How Psychological Safety Can Improve Employee Engagement

Did you know that employee engagement is one of the most written about, debated and discussed topics that a lot of companies struggle with? It is also no surprise that the organizations that struggle with it have it in their top five priorities to be addressed. 

This is part one of a series of articles we will write about to help you discover best practices that you can leverage that will require little to no financial investment for the organization except your time, commitment, and focus to improve employee engagement through your own leadership effectiveness.

The Hard Facts

According to Gallup's State of the Global Workplace 85% of employees are not engaged. This means that the majority of workforce around the world are either viewing their workplace negatively or only doing what they have to do to make it through the day, with little to no emotional attachment to their work.

Research shows that less than 25% of employees are fully motivated and productive. In service-based industries, that number is alarmingly only 15%. 

Did you know that an employee’s relationship with their direct manager is the single most important factor influencing engagement and the number one reason people leave organizations?

Engaged employees are 85% more efficient at their work; are 10 times less likely to take sick leave and have 50% more of a sense of getting things done. 

So how can you as a leader directly improve your employee engagement levels? It starts by creating a collaborative and open environment where employees feel psychologically safe to do their best.

Create More Engagement Through Psychological Safety

Successful leaders deflect attention away from themselves and encourage others to voice their opinions. They are highly skilled at making others feel safe to speak up and confidently share their perspectives and points of view. They foster and create an open and approachable environment and they know what each employee needs to feel safe to just be themselves without judgement or repercussions. That is how we as leaders create psychologically safe and open work environments for our people.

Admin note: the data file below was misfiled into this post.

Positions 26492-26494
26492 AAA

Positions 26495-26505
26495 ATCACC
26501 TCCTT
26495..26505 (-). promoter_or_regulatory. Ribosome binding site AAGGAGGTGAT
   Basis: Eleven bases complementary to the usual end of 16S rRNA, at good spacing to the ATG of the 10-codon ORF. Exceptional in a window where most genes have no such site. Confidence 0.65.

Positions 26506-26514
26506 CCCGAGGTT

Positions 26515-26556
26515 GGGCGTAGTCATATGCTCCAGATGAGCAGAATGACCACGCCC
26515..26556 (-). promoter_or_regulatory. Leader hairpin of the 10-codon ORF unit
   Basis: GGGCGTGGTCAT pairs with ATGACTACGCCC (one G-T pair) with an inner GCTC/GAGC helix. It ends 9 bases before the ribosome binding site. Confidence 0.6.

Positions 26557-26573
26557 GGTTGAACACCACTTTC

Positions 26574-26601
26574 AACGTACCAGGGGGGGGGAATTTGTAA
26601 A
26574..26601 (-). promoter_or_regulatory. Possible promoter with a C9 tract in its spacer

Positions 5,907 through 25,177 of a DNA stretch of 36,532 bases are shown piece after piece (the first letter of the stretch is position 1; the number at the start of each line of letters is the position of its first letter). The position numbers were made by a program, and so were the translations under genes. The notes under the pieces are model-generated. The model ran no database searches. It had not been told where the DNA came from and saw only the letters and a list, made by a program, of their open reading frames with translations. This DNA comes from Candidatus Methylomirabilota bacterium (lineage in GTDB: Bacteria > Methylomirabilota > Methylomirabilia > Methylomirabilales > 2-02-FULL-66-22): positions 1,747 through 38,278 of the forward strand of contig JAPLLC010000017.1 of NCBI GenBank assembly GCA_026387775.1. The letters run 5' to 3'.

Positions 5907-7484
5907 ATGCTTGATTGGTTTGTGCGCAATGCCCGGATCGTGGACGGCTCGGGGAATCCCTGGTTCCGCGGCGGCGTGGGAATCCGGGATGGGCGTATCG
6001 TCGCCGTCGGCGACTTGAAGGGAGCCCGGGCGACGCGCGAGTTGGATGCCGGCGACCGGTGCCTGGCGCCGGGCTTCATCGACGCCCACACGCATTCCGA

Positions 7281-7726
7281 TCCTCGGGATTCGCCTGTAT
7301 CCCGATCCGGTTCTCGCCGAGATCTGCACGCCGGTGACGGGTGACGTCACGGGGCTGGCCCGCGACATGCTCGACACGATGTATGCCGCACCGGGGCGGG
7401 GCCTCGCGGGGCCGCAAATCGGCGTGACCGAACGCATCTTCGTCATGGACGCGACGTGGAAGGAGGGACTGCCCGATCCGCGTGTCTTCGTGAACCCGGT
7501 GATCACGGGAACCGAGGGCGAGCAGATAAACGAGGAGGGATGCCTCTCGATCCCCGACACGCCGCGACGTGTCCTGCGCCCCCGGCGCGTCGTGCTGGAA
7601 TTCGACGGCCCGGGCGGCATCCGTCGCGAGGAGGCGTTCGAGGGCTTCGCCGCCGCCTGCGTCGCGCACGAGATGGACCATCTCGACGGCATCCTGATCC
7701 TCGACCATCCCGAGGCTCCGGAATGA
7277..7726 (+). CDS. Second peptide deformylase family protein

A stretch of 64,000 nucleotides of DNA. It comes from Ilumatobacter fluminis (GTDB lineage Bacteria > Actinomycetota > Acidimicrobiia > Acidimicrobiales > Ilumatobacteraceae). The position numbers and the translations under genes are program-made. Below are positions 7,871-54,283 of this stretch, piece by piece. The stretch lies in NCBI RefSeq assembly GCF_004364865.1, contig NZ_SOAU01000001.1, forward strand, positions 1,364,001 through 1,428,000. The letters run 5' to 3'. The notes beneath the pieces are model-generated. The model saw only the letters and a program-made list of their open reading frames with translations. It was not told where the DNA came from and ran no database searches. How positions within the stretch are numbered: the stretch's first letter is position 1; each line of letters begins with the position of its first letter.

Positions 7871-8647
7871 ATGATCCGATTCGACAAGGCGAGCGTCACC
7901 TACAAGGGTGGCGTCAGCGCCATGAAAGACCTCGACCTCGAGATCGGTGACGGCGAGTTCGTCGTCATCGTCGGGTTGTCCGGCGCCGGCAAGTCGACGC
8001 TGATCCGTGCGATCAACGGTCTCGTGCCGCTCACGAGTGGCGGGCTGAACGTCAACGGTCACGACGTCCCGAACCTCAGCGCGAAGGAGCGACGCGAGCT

The latest McKinsey research indicates that a positive team climate in which team members value one another’s contributions, care about one another’s well-being, and have input into how the team carries out its work is the most important driver of a team’s psychological safety.

Think about it – what if your employees were afraid or did not care to share their thoughts and perspective? What impact would that have on your results and overall engagement?  

Let me bring this point to life for you through my personal experience.   

Early in my career, I worked for a startup company that sold me on how entrepreneurial and employee focused the organization was and how it was a great place for a new university graduate to start a career, so I jumped in with both feet. The individual who interviewed me did a good job selling me on the culture and how I could create a successful career for myself provided I worked hard and was dedicated.  

I quickly came to realize that the environment was quite the opposite of what I had been led to believe, and the most Senior Executive in the company was a dictator, who wanted to control everyone and everything because it was his company, after all. He shall remain nameless as will the organization but imagine the impact it had on the business.  

I experienced firsthand the command-control culture that was established, and we were not encouraged to ask questions, let alone challenge status quo. We started to lose good people, we struggled to meet our results and people, including me, were afraid to voice our opinions.  

Let us fast forward just 12 months after I accepted the job – the company declared bankruptcy and good people lost their jobs. Think about what the outcome could have been if the leadership team created a safe and open environment where people felt included and could voice their perspectives. We could have had a fighting chance at surviving and eventually thriving if we were shown value by being included. Collectively, we could have figured out how to solve problems and grow the business.

Creating a collaborative, open and psychologically safe environment is one of the many things that you can do to drive employee engagement and results for your organization. It is all about people, and having an engaged workforce makes the difference between struggling and achieving success.  

What are you doing to drive the level of employee engagement you desire for your team and business? Are you engaging your employees and asking for feedback and insight or are you to busy telling them what to do?

If you'd like to explore these concepts further, feel free to contact me at 1-855-871-3374 or send me an email at We would love to hear from you!

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